How many of these incredible women in ornithology can you identify? NO GOOGLING!
Many of these women have had equally brilliant male ornithological spouses. Bonus points if you can name those men.
1. This woman was the only female graduate student of Aldo Leopold. She was known for her work on Greater Prairie-Chicken and on birds of prey. Here's the give-away clue: she called her field assistants "gabboons."
2. This woman was the first female Fellow of the American Ornithologists' Union. Though an Easterner, she wrote the classic Handbook of the Birds of the Western States, based in large part on her travels through California and the New Mexico and Arizona territories.
3. There is nothing ordinary about this extraordinary woman and her delightful little gray songbirds. She has been awarded the Margaret Morse Nice medal by the Wilson Ornithological Society and the Coues Award by the American Ornithologists' Union.
4. Like so many others, an incidental course in natural history lured this tropical biologist away from her planned pre-med major. Elected to the National Academy of Science in 1988, she is also a recipient of the Alexander Skutch award for Excellence in Tropical Ornithology (awarded by the Association of Field Ornithologists). She also managed to find time to serve as the president of the Cooper Ornithological Society.
5. When birds and planes collide, this is the go-to woman!
6. To know her is to love her, as Tiko and her many ornithological progeny would attest. She has brilliant plumage, unlike the shorebirds and waterbirds she is known for studying, along with not a few reptiles and amphibians.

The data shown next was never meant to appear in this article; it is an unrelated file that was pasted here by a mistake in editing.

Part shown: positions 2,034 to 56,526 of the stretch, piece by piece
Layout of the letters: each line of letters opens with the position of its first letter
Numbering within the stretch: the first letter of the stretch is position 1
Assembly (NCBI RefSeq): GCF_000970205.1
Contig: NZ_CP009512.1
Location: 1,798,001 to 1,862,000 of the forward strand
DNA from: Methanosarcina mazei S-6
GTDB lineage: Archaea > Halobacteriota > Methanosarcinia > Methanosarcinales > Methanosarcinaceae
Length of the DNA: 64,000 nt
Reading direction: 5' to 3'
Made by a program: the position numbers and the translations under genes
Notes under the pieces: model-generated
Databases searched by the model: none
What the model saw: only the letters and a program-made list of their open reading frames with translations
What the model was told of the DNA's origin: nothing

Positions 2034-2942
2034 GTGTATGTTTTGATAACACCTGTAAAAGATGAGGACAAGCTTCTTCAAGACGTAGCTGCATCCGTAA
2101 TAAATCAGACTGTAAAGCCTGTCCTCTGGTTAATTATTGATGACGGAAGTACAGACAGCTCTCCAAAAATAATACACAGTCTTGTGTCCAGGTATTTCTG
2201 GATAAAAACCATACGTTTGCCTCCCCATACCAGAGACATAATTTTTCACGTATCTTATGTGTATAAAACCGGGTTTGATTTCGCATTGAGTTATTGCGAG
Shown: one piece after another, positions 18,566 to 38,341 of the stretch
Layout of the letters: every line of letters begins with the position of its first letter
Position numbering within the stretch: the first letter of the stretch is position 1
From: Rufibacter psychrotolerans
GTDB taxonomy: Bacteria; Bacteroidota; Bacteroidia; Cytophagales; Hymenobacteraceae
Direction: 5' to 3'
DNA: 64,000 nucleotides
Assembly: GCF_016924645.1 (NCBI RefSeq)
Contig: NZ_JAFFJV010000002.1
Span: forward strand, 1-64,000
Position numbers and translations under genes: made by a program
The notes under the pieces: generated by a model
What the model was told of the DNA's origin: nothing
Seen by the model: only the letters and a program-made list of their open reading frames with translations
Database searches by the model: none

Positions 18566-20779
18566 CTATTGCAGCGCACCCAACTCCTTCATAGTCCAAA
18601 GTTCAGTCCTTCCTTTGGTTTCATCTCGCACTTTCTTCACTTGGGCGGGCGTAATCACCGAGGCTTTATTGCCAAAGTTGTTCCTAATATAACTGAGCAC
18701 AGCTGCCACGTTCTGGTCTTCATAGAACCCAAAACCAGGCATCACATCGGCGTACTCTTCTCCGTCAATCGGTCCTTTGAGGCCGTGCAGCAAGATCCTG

7. Imagine seeing evolution as it happens by watching just a single bird. Imagine having a single field site for 40 years, heirs of Darwin himself. Imagine being awarded the Darwin-Wallace medal, an honor bestowed only once every 50 years, as well as the Kyoto Prize. And from the ornithologists, the Loye and Alden Miller Research Award (Cooper Ornithological Society) and the Margaret Morse Nice Medal (Wilson Ornithological Society).
8. You can have three kids, go back to grad school, and earn your doctorate at age 45. Some might think that loony,but 40 years later, she can still yodel with the best of them!
9. For the past FIFTY years, this ornithologist has lived with her avian subjects; she makes do without running water or electricity while terning the place into a luxury hotel for 3,000 pairs of shorebirds.
Give up? Answers are in the attached file.